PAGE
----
sector will probably need to lead the way if any real progress is to be made.

One other thing – we love being proved wrong at SLOz – if you know of health services in-world that we\’ve missed, we\’d love to hear about them.

Australian media attention grows on SL (and SLOz!)

We\’re not the sort of site to brag, but we have to say we\’re thrilled with the positive response received from Australian mainstream media and tech bloggers over the past week to our press release promoting Aussies innovating in SL. To date we\’ve had coverage from:

1. PC World / Computer World

2. Sydney Morning Herald

3. Respected tech journo, Brad Howarth

4. Techcraunch


5. Gamer newswire

The best thing to come from the coverage is a growing awareness that there are aussies out there doing innovative stuff in a new area. What it also shows is the need for the Australian SL community to work collaboratively where possible to ensure we punch above our weight in the broader SL community. Of course, we\’d suggest that this site is the best central point in real-life, particularly our discussion forums, but of course the final decision is up to you.

University of Southern Queensland is first Australian University presence

I don\’t think the electrons had finished spinning when I received comments / emails from Sean FitzGerald and Decka Mah that there was indeed an Australian University that had an SL presence.

And what a presence!

The University of Southern Queensland in conjunction with the Queensland Government have an entire island in-world at SL.


Terra Incognita is a dynamic and intriguing mix of colour, sound and areas aimed at exploring online learning environments within the SL world. It is worth a look because it is currently setting the standard for showcasing Australian tertiary education in this new medium.

One of the striking features is the fact that the developer team, led by Decka Mah (aka in RL as Lindy McKeown) have gone for a design theme that does not mirror the RL USQ. This is something that the USA universities currently in SL seem to have done – Ohio Uni for example.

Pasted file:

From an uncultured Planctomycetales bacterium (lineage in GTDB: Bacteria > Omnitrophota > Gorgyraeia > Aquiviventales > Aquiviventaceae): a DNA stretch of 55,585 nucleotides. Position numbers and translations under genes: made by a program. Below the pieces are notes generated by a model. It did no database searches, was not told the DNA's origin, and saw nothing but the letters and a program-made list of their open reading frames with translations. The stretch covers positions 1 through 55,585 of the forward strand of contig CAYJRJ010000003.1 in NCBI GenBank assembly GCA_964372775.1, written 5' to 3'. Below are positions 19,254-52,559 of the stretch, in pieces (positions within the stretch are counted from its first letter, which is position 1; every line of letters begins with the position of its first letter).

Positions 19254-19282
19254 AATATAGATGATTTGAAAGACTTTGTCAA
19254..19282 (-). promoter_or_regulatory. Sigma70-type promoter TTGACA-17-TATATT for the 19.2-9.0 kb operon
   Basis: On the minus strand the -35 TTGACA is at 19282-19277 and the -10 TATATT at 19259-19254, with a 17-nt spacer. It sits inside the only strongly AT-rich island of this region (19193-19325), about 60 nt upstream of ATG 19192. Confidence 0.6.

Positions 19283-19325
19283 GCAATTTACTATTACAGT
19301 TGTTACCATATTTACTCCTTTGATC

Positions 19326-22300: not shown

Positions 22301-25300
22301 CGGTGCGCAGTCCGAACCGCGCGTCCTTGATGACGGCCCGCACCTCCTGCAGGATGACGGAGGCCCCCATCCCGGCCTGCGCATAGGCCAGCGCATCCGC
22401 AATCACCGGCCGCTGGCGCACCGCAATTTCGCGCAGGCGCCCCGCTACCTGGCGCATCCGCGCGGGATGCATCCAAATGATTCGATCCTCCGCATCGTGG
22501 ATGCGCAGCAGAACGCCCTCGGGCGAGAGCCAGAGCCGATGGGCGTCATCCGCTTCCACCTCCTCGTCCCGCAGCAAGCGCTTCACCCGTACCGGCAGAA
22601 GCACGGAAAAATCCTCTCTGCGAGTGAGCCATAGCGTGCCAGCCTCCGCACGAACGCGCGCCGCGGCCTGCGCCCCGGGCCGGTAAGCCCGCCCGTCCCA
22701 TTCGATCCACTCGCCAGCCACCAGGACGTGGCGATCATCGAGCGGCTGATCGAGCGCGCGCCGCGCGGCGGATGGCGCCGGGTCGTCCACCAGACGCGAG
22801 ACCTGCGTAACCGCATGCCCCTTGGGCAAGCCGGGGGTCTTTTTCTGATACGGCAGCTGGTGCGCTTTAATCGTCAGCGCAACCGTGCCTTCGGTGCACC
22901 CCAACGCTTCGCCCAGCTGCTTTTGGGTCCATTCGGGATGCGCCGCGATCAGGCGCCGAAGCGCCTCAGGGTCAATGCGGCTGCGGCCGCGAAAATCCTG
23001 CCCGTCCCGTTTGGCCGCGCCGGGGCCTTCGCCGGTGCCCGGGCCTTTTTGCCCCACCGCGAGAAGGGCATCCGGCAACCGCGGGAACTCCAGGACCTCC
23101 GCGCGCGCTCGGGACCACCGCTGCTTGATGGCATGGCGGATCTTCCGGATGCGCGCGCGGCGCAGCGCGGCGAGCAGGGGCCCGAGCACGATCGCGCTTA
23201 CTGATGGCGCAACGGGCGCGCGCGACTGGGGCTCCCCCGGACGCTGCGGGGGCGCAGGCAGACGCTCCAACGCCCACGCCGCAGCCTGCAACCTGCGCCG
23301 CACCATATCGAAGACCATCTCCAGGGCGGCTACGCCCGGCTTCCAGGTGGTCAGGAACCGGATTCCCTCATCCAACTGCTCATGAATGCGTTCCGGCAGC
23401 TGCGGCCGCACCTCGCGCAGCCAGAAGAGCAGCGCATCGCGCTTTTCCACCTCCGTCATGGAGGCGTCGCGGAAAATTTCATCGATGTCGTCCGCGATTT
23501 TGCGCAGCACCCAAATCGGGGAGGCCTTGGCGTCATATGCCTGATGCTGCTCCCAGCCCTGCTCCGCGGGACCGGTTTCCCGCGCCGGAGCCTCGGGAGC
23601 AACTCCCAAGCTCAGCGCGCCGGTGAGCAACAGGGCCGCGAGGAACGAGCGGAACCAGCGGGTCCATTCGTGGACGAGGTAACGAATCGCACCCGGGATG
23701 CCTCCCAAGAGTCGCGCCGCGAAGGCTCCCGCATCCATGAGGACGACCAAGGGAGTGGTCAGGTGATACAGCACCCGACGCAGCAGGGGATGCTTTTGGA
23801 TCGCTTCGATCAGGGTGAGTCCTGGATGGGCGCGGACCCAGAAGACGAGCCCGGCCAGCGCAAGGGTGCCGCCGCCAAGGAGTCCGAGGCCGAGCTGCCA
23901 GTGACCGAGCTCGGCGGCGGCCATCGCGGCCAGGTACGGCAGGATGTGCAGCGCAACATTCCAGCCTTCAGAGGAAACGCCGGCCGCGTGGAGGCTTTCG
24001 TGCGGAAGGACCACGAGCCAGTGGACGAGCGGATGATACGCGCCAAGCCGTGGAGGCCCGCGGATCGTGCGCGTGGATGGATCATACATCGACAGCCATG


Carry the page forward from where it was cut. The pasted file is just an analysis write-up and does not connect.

What will be intriguing to see over the coming year is how USQ makes use of this experience to enhance learning for it\’s students and the teaching experience for it\’s lecturers and tutors.

On another level the fact that the Queensland Government have backed this project examples the ideal of the \”Clever Nation\” ideal espoused some years ago.

A visit to Terra Incognita is well worth the effort. You won\’t find it by doing a search in SL, as I found out… :-)

Linden claim Aussie language skills

In an announcement today on the appointment of two new multilingual Linden support staff, the claim was made that a number of other staff have Australian speaking abilities. If you\’ve come across such a Linden we\’d love to hear from you to test the claims by interviewing the said staff member ;-)

Uni Degrees Way Above Zero!

Second Life will undoubtedly affect the way in which tertiary education is delivered.

I say this after doing a search of the term \”university\” on SL the other night. Whilst the usual mish-mash of results occurred, what was extremely interesting was the number of universities that had established a serious presence in SL.

As yet there is no Australian presence, however I would not be surprised to see some of our premier universities such as the 2006 Commonwealth University of the Year, University of Wollongong, showing up there some time soon.

The prospects for distance education courses are an obvious dimension that SL would substantially change in terms of costs, lecture material, communication and student / lecturer interaction. However, it also begs the question as to whether the idea of on-campus and off-campus course structures could, would and will change.

A perusal of the search results on SL show that some of the universities; Rockcliffe University, Ohio University, San Diego State University (the top three by traffic numbers) are exploring their presence and the kind of options they can offer current and prospective students. As the front runners, other universities (competitors in the world market place) may find themselves playing catchup at a cost.

Assuming that the global market is just that, we will no doubted see these SL campuses of Real Life (RL) centres for learning providing fully recognized programs at competitive rates.

The effect that will have on Australia\’s HECS scheme, and indeed, the funding and viability of universities in this country is a definite area of concern, if not interest.